Whitney Johnson gets her head shaved with a big smile during the St. Baldrick’s Foundation charity event to help raise funds to support childhood cancer research. The event was held at Celestial Seasonings in Boulder Saturday March 12, 2011. Chancey Bush/ The Camera ( Chancey Bush )
The first time Whitney Johnson shaved her head, it was the result of an unfortunate fashion decision. And no one donated $1,300 to her cause.
The Boulder woman, then in college, thought it was a groovy idea to braid her wavy brown hair and let it tangle its way into dreadlocks.
Now, a fair number of Boulder residents know what happened next, because so many Boulder residents have at some point sported the dreads. Whereas other municipalities have official “state birds” or flowers or mottos, Boulder boasts an official community hairstyle. (Incidentally, the dreadlock is also Boulder’s official marmot.)
As is the ending of every dreadlocky tale, when Johnson returned home for Thanksgiving, her mom drove her straight to the stylist and had the hairy worms shaved off her scalp. There was otherwise no escape; to change your mind on this hairstyle is harder than getting a divorce, or power-lifting weights to light jazz music, or carrying a 1-year-old and hefty diaper bag while wearing 6-inch stilettos (as my twisted ankle can attest).
Johnson went hairless in exchange for her mother’s assuagement.
This month, at age 32, Johnson is fur-free again. And this time, her motive is even greater than ridding the world of yet one more rastafaregret.
Johnson, along with more than 300 other Boulder residents, shaved her head to raise money for research, support and awareness of different forms of childhood cancer.
The movement, which goes by St. Baldrick’s, is simple: Participants ask people to donate money, and in exchange, they’ll go under the clipper. Boulder’s volunteers ranged from women to children to families to men. All of the Boulder participants listed on the St. Baldrick’s Web site raised more than $82,000, as of last week.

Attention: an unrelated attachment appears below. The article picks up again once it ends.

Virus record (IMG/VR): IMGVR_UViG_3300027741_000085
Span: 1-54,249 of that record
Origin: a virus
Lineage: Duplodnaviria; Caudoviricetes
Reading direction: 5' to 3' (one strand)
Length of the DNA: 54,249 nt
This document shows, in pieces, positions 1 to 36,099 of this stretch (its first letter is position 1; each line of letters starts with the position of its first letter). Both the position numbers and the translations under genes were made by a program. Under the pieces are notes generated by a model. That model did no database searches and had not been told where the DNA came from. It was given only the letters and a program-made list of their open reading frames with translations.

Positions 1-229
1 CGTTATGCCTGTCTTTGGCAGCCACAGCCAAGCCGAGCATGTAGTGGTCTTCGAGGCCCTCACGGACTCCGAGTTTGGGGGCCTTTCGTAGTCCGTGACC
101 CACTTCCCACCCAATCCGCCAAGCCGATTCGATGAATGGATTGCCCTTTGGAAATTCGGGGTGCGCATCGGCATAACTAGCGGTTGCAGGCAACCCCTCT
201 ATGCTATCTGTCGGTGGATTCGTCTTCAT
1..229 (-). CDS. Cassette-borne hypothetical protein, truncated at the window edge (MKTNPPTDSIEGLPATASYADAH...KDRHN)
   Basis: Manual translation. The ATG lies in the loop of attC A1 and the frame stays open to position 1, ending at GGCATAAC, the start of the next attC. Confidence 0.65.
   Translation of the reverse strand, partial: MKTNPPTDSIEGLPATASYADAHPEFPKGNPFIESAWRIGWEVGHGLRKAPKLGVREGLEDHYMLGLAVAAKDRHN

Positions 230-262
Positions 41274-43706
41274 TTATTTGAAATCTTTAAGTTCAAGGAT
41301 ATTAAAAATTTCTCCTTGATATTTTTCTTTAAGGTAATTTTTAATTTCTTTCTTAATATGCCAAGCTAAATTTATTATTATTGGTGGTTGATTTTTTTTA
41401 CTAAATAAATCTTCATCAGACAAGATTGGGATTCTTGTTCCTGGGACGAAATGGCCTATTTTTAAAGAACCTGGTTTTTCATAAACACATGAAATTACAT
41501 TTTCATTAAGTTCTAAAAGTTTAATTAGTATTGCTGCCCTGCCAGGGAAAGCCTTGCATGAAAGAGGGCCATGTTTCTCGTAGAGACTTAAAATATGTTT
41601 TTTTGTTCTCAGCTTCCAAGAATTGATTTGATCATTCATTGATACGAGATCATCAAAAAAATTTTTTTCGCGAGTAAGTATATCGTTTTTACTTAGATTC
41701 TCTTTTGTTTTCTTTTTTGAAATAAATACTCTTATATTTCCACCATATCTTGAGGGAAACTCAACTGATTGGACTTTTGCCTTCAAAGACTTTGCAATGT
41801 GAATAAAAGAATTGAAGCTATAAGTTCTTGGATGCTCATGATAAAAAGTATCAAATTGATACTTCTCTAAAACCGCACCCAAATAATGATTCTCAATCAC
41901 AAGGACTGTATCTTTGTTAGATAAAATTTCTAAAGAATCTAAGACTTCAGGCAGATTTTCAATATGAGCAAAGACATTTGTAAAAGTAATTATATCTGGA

Johnson alone raised more than $1,300. She says she decided to participate because she works with children in her nutrition practice (Trustyourgutnutrition.com), and she liked the idea of a fundraiser with staying power. It’s not a one-time check, or a race with a definitive finish line.
Every time that Johnson looks in the mirror, every time she meets someone new or does a presentation, she will remember the cause. Like many other St. Baldrick’s fundraisers, she will wear a pin that says, “Ask me why I’m bald,” and she’ll use the opportunity to spread awareness, and hopefully move one step closer to an eventual cure.
Johnson’s “volunteer work” will last between eight months to a year, depending on how quickly her hair grows back this time. She’s not looking forward to the awkward growth phases. And there are many of them, she says.
Johnson’s husband shaved his head, too. Although his follicular loss wasn’t as dramatic as Johnson’s shoulder-length sacrifice, he nonetheless raised money.
Oliver Johnson didn’t lose his full beard, though.
Now the only thing this software engineer needs is a leather jacket with some patches and a big metal hog. And at least for the next year, he wouldn’t have to worry about his lady’s hair getting tangled in the wind and accidentally forming dreadlocks.
Now that’s tough.
For more informationabout St. Baldrick’s, check outStbaldricks.org.